Bangladesh fares well as exports slip in Asia
KARAWANG, Indonesia -- At a three-story factory here that used to make television remote controls, most of the fluorescent lights have been turned off. The hallways are nearly silent, and three-quarters of the workers have been laid off.
A pencil factory down the road closed last September, laying off 100 workers. Another nearby factory that turned out carved and painted wooden window frames shut down and laid off 800 workers. And two Toyota factories, one here in Karawang and another in a nearby city, have not renewed the contracts of 277 temporary workers.
“In our 11 years here, this is the worst situation with so many layoffs not even in 1998 was it this bad,” said Abraham Sauate, the manager of the TV remote factory, comparing today with the Asian financial crisis in 1997 and 1998. “The problem now is we don't know where to go, and we don't know how long it will last.”
On Thursday, Japan said exports fell 35 percent in December from a year earlier as the crisis hurt its main markets. China and Japan draw the most attention, but the global slump in manufacturing is spreading across Asia.
Industrial production is dropping in South Korea at the fastest pace since record keeping began in 1975. Taiwanese exports dived 40 percent in December compared with a year earlier. And ports from Indonesia to Thailand are handling ever fewer shipping containers.
During the last crisis, investors took their money out of country after country. Asian leaders thought they had found a solution increases in exports to the West, particularly of electronics. But that dependence on exports fed this crisis. Now American and European buyers are pulling their import orders from country after country. And while governments have short-term economic stimulus plans, long-term answers seem more elusive.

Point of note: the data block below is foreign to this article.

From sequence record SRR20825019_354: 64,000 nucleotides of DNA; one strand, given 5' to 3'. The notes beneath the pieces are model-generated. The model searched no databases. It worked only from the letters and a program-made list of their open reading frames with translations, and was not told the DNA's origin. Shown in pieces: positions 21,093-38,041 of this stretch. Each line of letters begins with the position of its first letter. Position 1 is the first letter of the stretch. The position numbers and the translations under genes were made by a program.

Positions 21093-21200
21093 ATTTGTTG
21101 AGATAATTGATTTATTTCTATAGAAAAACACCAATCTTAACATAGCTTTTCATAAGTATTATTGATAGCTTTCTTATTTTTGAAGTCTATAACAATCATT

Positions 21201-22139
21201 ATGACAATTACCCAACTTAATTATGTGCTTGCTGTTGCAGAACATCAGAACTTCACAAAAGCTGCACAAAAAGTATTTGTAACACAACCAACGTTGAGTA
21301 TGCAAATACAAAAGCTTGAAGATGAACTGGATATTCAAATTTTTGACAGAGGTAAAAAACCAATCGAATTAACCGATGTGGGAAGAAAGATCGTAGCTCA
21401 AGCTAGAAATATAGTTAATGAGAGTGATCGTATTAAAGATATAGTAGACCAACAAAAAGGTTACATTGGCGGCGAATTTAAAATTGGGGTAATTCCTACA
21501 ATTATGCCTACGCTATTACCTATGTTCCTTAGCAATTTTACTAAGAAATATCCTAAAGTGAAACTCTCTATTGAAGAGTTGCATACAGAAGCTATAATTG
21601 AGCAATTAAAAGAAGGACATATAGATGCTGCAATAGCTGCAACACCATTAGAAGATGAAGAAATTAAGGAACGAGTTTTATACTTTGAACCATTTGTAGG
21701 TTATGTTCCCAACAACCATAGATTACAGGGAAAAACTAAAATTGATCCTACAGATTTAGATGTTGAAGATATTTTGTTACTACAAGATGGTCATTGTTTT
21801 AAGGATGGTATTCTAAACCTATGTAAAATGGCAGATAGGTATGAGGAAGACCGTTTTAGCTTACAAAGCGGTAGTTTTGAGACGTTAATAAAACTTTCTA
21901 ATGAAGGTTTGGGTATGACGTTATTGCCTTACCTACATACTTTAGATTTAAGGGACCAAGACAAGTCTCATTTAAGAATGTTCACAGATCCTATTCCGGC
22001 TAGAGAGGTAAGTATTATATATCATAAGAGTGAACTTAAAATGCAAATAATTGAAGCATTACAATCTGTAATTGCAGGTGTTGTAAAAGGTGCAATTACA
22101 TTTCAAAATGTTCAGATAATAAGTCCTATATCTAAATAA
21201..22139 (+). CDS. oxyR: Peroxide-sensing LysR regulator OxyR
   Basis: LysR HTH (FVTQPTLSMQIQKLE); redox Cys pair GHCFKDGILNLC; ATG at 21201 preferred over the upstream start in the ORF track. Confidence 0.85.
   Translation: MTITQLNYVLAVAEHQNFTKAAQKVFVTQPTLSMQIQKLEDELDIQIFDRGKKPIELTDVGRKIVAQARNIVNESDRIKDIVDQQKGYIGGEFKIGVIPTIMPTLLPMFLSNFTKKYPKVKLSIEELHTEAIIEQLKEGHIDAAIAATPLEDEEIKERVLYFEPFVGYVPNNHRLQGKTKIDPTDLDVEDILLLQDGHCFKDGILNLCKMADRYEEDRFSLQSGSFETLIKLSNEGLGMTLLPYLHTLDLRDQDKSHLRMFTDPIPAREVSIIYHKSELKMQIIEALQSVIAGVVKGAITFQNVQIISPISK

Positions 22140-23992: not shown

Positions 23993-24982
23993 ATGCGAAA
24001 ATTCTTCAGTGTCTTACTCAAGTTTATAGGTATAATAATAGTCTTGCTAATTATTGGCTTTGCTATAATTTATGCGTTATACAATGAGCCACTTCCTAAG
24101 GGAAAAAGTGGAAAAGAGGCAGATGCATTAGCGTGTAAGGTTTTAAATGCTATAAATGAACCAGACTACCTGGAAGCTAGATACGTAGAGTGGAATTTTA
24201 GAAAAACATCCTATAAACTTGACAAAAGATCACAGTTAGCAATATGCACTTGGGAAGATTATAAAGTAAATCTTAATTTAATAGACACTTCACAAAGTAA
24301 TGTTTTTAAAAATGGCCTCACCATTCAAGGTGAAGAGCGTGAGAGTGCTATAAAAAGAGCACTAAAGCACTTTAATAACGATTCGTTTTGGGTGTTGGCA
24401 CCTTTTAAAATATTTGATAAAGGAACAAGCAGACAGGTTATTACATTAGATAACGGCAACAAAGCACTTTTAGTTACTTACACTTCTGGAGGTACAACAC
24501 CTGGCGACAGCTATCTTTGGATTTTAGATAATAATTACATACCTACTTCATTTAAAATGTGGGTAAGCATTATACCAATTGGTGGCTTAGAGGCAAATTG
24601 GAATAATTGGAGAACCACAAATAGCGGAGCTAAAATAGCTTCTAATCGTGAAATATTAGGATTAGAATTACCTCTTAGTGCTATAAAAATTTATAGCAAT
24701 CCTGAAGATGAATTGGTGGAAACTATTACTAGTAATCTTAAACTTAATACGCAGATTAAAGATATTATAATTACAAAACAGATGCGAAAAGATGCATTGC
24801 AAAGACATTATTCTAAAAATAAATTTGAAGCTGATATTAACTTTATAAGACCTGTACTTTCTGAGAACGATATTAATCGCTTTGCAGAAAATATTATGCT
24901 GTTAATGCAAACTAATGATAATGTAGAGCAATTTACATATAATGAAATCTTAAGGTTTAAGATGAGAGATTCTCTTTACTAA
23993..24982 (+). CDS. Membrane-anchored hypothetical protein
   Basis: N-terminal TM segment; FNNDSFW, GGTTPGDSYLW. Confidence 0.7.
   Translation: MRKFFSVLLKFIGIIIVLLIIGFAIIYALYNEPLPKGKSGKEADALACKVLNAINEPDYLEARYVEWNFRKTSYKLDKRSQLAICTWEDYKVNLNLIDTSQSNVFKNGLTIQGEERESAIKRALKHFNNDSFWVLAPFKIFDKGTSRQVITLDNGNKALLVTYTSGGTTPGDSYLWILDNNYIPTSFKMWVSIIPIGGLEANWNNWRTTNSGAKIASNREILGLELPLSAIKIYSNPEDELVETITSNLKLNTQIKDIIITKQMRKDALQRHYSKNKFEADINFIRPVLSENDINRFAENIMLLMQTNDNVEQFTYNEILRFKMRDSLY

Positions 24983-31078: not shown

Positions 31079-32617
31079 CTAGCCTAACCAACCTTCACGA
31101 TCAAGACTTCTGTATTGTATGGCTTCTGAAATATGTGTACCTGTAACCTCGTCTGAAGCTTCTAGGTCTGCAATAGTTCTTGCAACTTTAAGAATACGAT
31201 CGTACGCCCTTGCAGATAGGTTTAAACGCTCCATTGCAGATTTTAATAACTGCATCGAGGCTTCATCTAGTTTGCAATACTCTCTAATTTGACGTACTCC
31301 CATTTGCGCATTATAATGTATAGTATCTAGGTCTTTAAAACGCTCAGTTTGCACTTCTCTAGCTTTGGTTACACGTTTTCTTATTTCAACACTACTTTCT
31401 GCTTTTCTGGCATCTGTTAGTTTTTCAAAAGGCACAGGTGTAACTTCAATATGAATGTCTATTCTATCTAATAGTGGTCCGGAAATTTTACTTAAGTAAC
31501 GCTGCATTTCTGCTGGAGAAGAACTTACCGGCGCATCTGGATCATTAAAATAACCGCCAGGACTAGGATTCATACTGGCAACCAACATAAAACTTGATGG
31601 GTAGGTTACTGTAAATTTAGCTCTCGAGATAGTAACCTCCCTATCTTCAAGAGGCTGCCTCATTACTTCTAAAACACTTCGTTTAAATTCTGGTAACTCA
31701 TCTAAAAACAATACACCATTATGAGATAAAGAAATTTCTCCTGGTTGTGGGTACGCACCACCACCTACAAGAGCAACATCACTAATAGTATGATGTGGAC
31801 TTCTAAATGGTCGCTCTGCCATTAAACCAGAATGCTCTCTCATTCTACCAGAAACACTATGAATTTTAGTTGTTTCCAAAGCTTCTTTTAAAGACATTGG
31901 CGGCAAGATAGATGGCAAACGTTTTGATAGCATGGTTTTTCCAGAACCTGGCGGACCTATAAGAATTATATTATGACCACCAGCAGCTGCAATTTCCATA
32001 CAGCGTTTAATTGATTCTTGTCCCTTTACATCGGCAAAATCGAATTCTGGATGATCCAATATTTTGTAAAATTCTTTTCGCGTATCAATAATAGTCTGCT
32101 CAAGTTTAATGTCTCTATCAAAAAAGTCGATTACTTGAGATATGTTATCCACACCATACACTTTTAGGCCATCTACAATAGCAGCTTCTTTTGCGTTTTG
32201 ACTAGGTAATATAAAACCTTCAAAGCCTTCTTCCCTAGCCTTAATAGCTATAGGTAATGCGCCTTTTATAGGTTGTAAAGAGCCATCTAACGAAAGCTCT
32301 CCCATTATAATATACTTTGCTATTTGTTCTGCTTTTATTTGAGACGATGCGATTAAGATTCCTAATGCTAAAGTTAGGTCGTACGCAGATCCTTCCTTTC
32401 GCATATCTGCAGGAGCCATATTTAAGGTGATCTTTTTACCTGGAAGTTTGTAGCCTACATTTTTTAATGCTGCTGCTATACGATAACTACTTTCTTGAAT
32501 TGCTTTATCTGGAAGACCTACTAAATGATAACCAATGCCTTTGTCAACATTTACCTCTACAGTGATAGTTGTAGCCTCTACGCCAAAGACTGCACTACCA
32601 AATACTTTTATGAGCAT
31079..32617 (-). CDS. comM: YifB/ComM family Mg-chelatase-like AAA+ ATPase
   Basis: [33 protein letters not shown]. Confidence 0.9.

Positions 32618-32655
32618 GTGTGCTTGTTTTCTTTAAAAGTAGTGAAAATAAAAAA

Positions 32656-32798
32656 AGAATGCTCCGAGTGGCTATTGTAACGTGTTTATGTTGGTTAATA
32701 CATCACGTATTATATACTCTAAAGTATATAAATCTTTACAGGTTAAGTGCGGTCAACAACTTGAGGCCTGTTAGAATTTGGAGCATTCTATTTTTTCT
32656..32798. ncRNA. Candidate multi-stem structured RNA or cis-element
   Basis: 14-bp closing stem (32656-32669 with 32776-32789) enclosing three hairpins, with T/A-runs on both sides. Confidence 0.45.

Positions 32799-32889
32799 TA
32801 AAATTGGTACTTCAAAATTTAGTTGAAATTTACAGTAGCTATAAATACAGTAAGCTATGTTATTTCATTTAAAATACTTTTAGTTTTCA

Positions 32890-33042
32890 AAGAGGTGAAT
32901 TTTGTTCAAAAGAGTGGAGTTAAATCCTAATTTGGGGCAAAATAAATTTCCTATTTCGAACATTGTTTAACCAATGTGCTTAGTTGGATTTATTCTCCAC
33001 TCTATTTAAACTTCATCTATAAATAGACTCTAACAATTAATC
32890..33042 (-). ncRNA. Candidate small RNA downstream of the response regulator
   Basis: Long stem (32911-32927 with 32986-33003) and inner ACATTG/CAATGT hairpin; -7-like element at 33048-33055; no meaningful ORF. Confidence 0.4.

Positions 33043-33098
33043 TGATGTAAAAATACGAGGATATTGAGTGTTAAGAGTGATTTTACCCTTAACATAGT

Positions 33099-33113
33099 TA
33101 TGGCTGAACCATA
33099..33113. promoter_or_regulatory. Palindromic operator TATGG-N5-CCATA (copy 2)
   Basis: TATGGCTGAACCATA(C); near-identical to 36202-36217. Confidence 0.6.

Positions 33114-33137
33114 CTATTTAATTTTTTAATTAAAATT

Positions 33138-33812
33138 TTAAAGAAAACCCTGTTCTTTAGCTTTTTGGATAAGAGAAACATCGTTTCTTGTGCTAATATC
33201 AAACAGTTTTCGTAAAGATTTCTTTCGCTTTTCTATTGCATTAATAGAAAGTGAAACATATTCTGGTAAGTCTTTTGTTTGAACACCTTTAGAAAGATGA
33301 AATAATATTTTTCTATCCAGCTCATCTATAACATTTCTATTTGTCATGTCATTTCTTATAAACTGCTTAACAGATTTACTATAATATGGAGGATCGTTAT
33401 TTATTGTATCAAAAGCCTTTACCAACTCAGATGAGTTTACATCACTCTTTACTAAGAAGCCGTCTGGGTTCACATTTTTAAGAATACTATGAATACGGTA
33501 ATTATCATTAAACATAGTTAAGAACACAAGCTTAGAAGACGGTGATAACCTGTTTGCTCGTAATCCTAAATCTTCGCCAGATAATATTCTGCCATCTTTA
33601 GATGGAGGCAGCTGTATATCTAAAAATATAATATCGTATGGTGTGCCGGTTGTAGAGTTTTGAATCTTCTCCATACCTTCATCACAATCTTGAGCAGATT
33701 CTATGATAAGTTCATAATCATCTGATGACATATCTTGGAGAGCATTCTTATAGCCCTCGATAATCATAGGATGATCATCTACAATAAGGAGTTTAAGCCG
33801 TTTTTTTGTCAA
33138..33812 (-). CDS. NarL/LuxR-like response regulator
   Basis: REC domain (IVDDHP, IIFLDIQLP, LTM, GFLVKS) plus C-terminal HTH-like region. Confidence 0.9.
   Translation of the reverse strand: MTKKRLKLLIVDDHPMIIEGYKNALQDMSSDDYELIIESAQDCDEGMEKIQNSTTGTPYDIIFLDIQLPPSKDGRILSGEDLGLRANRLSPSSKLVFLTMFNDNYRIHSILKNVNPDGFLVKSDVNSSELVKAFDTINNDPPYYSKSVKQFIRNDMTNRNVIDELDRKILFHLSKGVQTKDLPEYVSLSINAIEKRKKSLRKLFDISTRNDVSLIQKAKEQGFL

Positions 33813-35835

Hard times in factory towns are especially troubling in Asia, where countries depend on manufacturing for a far greater share of economic output than Western countries do, as much as 40 percent in the case of China and other big exporters.
That is triple the current 13 percent in the United States, and much higher even than the American peak of 28 percent in 1953.
While all of Asia is suffering, some economies are feeling the effects of the global downturn less than others.
Many of these countries are latecomers to the world market. They have even lower wages than China and were just starting to benefit from the arrival of businesses seeking to avoid increases in wages and other costs in China from 2003 through last summer.
For example, Bangladesh's exports are dominated by the sale of low-cost garments to mass-market retailers like Wal-Mart that have fared well as consumers have begun shifting toward thriftier purchases. Garment workers in Bangladesh still earn $40 to $50 a month, barely half the minimum wage in export-oriented coastal cities in China.
Economic difficulties in the West “will have an impact on Bangladesh in terms of our growth rate, but I'm not concerned it will eat into our share” of the global garment market, said Mustafizur Rahman, the executive director of the Centre for Policy Dialogue, a nonpartisan research group in Dhaka that specialises in trade and other economic issues.
The numbers bear that out. While overall American imports dropped 12 percent in November compared with a year earlier, imports rose from Bangladesh and from Vietnam. Each country shipped more knit apparel to the United States, and Vietnam also shipped more furniture.
Few countries were hit harder in the Asian financial crisis than Indonesia. Much of the banking system collapsed, economic output plunged, riots ensued and the government fell.
But Indonesia is often described as one of the less vulnerable countries in Asia, because its insular economy relies less on trade than other countries in the region. Indonesia has long had a domestic market big enough to sustain large industries without the need for foreign markets.